SACRAMENTO — Heading into the California Democratic Party convention this weekend, presidential hopeful Hillary Clinton scored a plum Wednesday, securing the endorsement of Assembly Speaker Fabian Nunez.

Nunez, one of the most powerful Democrats in the state, said he was moved by Clinton's breadth of experience and her ability to set aside partisanship to get things done. He has signed on as a national co-chair of her campaign.

"The day she gets elected president, she's going to be able to hit the ground running, Day 1," Nunez said. "I'm very proud of endorsing Hillary Clinton to be the next president of the United States."

Clinton, the junior senator from New York and former First Lady, lauded Nunez's accomplishments on curbing global warming, raising the minimum wage and reducing prescription drug prices.

"His judgment about what we need to do together to solve the problems facing this country is right in line with my own," Clinton said during a conference call that was marred by technical difficulties. She said she would rely on Nunez's "advice and guidance" in California and elsewhere.

Nunez took care to praise the whole Democratic presidential field, including Illinois Sen. Barack Obama, former North Carolina Sen. John Edwards and New Mexico Gov. Bill Richardson. Both Obama and Edwards had asked for the speaker's support; Nunez said he called them before announcing that Clinton was his pick.

The speaker is one of the state's most prominent Mexican-American elected leaders.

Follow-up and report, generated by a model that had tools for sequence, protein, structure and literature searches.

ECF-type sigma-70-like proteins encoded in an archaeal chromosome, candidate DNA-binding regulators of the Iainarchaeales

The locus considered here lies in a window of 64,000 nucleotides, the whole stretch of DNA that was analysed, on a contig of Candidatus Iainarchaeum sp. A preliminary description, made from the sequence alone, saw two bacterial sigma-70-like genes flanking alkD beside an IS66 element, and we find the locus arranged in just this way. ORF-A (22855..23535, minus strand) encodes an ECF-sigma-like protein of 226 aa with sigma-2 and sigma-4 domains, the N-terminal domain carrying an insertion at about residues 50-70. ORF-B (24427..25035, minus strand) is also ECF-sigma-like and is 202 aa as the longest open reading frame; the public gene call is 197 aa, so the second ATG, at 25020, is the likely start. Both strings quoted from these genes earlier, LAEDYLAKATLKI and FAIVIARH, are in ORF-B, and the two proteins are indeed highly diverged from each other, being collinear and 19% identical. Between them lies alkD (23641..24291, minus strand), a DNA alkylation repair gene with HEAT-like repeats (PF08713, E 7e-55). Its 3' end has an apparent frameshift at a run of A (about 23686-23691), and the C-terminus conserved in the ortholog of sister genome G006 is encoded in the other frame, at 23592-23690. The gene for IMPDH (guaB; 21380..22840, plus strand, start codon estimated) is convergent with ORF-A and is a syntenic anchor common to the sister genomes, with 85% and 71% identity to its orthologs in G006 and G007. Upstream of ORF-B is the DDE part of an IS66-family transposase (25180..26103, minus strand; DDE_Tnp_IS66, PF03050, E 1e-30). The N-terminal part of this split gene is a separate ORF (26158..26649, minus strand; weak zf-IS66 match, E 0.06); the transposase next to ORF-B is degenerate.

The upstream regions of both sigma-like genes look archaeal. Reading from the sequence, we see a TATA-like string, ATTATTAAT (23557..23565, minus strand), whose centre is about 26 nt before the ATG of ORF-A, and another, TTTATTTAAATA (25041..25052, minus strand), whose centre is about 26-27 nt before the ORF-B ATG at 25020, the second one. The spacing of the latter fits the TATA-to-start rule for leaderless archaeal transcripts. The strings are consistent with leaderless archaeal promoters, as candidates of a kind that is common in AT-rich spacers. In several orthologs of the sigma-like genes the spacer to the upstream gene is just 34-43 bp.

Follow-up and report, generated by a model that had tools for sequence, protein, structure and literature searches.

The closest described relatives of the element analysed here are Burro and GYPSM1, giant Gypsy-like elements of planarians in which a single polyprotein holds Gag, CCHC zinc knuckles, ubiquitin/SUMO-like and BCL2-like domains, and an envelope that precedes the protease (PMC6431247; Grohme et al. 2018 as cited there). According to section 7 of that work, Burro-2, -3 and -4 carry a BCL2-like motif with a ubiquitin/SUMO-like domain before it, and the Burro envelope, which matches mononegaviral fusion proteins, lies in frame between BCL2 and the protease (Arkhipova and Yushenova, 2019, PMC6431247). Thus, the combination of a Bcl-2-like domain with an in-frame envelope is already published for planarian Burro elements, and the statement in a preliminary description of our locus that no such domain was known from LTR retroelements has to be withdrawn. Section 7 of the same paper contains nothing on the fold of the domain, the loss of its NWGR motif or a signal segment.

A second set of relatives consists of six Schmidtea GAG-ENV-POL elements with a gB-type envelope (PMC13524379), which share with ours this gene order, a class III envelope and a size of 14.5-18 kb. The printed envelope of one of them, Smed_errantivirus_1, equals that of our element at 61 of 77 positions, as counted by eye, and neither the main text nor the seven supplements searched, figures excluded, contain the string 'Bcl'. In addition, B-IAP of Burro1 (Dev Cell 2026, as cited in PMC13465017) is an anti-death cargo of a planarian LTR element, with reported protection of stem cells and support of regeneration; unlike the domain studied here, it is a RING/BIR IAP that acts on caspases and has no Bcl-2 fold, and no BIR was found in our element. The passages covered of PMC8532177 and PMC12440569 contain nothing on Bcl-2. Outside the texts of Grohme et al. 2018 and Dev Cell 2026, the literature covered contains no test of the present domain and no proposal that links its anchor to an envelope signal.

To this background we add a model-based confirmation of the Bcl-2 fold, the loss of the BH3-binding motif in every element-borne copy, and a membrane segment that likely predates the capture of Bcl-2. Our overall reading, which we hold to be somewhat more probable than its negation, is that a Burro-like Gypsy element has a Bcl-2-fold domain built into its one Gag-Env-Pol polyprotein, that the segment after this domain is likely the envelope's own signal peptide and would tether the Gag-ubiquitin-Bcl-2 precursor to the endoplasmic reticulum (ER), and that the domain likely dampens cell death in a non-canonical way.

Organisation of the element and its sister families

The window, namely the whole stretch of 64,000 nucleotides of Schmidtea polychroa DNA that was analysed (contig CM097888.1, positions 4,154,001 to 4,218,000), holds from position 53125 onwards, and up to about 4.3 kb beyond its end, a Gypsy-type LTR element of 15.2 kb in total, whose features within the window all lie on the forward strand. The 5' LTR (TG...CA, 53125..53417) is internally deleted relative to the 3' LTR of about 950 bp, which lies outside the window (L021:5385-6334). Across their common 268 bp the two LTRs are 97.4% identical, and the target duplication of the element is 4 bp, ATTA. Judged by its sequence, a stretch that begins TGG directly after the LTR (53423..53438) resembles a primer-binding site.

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Questioned about why he did not support Richardson, a fellow Latino, Nunez said he based his decision on a candidate's experience, not ethnicity.

A charismatic figure who speaks Spanish fluently, Nunez presumably could help Clinton reach out to Latino voters, who are a force in Democratic politics. He also has considerable contacts and clout in Los Angeles. Before joining the Assembly, Nunez served as political director for the powerful Los Angeles County Labor Federation. And he enjoys a strong friendship with L.A. Mayor Antonio Villaraigosa.

Nunez said he would not seek Clinton's support for an effort to rewrite the state's term limits law. That issue is "internal to California." And he dismissed the suggestion that Clinton would repay him with an administration appointment.

Along with Gov. Arnold Schwarzenegger and Senate President Pro Tem Don Perata of Oakland, Nunez championed moving up California's presidential primary to Feb. 5, 2008, to boost the state's political sway.

Contact Kate Folmar at kfolmar@mercurynews.com or (916) 441-4601.